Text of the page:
Current leaders are Gigabyte's own Aorus PCIe4.0 SSD at around $260 for the 1TB and $460 for the 2TB; these spec at ~5000MBps/4400MBps top speeds. Close second is Sabrent's Rocket PCIe4.0 lineup promising the same top speeds at $199/1TB and $399/2TB.



Now the main experiment: Cheapest possible current-tech Phison E12-based NVMe SSDs straight up and in RAID0 to see what numbers I get.

After all this benchmarking, it appears AMD/Gigabyte's claims of the 2nd M.2 slot FINALLY being able to operate at similar speeds to slot one ARE validated, even with cheaper PCIe3.0 nvme drives that ordinary mortals are likely to buy. When PCIe4.0 SSDs drop down to sane prices, I 'll see if this MB can yield similarly matched results at their higher rated speeds.

Numbers-wise, performance is VERY comparable to the 2 current leaders at 1/4-1/5 the price, with biggest penalty being slightly slower on small file read-speeds compared to these PCIe4.0 drives and a noticeable net loss of med-small file write speeds, even compared to its own single-channel speeds. This latter is a loss you'll feel in everyday use; much more than the small file read speed penalty.

But... the big BUT: POST takes longer due to having to initialize the array every time. In my case, this translated to 25-28 second boot times compared to 12-16 seconds. The solution for me will be to heavily abuse "Sleep" mode rather than allowing the PC to shut down completely.

Remember too that even these PCIe 4.0 drives are still based on the Phison E16 architecture; this is NOT 100% "next-gen" tech. It is a fast PCIe 4.0 controller designed to control current-gen NAND. The NEXT generation after this will be the one that is truly designed with PCIe 4.0 in mind from the ground up; Samsung is already halfway there, I'm sure. There's a reason I wasn't too sanguine about spending THAT kind of money... while I want the faster foundation X570 provides, I'm not so excited about paying premium price for that intermediate product SSD. But... this is how these things progress. Now that the foundation is out there, people will build faster SSDs (and faster everything else) and before we know it, we'll be taking these speeds for granted and wanting more.

I can especially see the explosion in consumer-level VR driving this; the demand for ever-higher 3D resolutions and faster, more accurate tracking is already taxing the limits of USB3. People are already spending megabucks to get the equivalent of HDMI1.4 and several channels of USB3.0 in a wireless brick the size of a brick. Demand for bandwidth is only going to increase.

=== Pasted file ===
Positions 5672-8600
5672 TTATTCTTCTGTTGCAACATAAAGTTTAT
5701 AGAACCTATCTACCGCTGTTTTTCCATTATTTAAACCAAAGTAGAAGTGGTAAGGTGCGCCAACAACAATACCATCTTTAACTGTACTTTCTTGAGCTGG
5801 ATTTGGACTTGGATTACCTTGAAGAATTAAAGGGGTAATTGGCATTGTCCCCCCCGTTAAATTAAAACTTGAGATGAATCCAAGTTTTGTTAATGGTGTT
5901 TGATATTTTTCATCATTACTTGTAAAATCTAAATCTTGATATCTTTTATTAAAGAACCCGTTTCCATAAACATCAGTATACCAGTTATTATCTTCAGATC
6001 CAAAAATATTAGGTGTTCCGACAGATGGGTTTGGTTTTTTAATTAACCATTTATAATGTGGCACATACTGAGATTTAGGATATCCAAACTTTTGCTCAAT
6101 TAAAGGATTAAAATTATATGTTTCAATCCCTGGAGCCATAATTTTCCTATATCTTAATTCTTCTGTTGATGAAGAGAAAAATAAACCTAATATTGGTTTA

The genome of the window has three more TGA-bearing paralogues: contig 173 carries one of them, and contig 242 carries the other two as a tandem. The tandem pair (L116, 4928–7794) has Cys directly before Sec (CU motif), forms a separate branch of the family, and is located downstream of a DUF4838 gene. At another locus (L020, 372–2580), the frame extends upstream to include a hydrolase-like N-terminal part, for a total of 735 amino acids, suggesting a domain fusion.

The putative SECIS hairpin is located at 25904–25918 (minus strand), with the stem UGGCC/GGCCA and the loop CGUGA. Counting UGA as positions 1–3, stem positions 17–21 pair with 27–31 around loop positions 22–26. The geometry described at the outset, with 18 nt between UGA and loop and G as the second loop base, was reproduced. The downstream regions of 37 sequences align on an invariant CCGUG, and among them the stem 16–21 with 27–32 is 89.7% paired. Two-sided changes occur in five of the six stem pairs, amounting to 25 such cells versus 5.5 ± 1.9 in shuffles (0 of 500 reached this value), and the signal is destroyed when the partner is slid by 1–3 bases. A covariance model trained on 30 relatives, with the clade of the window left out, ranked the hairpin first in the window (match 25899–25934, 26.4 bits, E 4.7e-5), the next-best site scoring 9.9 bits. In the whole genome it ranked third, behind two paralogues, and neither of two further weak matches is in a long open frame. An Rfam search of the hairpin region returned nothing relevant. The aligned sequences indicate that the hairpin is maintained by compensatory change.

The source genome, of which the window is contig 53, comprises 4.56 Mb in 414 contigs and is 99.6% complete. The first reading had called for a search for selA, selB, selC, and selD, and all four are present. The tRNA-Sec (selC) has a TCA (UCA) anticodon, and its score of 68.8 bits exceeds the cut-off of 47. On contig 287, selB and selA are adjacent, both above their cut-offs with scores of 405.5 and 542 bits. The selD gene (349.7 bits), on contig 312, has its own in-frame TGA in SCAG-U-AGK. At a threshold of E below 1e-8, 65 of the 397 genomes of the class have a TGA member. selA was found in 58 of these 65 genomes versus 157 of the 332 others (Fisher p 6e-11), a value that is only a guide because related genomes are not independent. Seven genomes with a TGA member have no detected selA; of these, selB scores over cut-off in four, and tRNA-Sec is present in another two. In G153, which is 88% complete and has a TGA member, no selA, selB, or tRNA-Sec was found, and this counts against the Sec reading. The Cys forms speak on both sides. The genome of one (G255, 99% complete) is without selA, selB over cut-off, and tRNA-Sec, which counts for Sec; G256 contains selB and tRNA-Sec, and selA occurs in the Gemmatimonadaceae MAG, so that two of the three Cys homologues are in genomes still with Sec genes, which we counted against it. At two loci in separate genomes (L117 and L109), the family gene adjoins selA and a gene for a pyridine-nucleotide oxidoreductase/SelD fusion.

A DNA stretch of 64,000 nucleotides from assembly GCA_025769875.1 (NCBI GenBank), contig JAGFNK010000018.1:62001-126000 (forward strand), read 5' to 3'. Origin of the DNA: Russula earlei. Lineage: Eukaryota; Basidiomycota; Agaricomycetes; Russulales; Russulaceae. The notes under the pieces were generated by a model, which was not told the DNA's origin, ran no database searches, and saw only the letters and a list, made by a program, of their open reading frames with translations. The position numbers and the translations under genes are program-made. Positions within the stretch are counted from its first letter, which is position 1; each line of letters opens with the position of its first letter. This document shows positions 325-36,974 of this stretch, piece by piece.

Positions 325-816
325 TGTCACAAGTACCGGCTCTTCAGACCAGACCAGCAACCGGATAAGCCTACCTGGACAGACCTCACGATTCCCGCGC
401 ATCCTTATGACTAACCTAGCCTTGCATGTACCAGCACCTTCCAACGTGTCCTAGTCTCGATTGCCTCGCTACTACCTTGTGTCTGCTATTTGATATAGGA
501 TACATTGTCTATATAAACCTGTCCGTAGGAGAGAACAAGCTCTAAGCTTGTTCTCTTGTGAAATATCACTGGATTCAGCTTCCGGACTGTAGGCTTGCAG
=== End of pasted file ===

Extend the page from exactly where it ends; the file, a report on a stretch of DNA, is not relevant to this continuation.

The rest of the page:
The TL/DR: Some decreased small file read performance and med-small file write performance and longer RAID Boot times compared to single-channel connected. Otherwise, these $59 SSDs produced very comparable numbers to premium PCIe3.0 drives costing 2x as much; in RAID, speeds comparable to (In some cases, far exceeding) PCIe4.0 drives costing 5x as much. Definitely a worthwhile experiment.


mnem
The Three Laws of Thermodynamics:
1. You can't win.
2. You can't break even.
3. You can't even get out of the game.

« Last Edit: February 02, 2020, 07:40:12 am by mnementh »
 

Offline SiliconWizard

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Re: An Experiement: Latest Ryzen 3700X/X570 MB and Cheap NVMe SSDs
« Reply #1 on: August 10, 2019, 03:55:21 pm »
Performance is one thing, but what about the reliability of those cheap SSDs?
 

Online mnementh

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Re: An Experiement: Latest Ryzen 3700X/X570 MB and Cheap NVMe SSDs
« Reply #2 on: August 10, 2019, 04:47:30 pm »
What about it? I asked the same question myself in the original article; the answer of course is "We'll see..." ;)

Same exact BOM as the Samsung 970EVO Plus. A lot of the SSD's longevity will be a product of the provisioning and error-trapping in the firmware, of course; I'm not sure how much of that comes baked into the Phison E12.

This is a gaming rig, so not going to be in any way mission-critical; that's why I figured it was a perfect test subject for this sort of experimentation.  >:D

mnem
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« Last Edit: February 02, 2020, 07:42:56 am by mnementh »
 

Online beanflying

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Re: An Experiement: Latest Ryzen 3700X/X570 MB and Cheap NVMe SSDs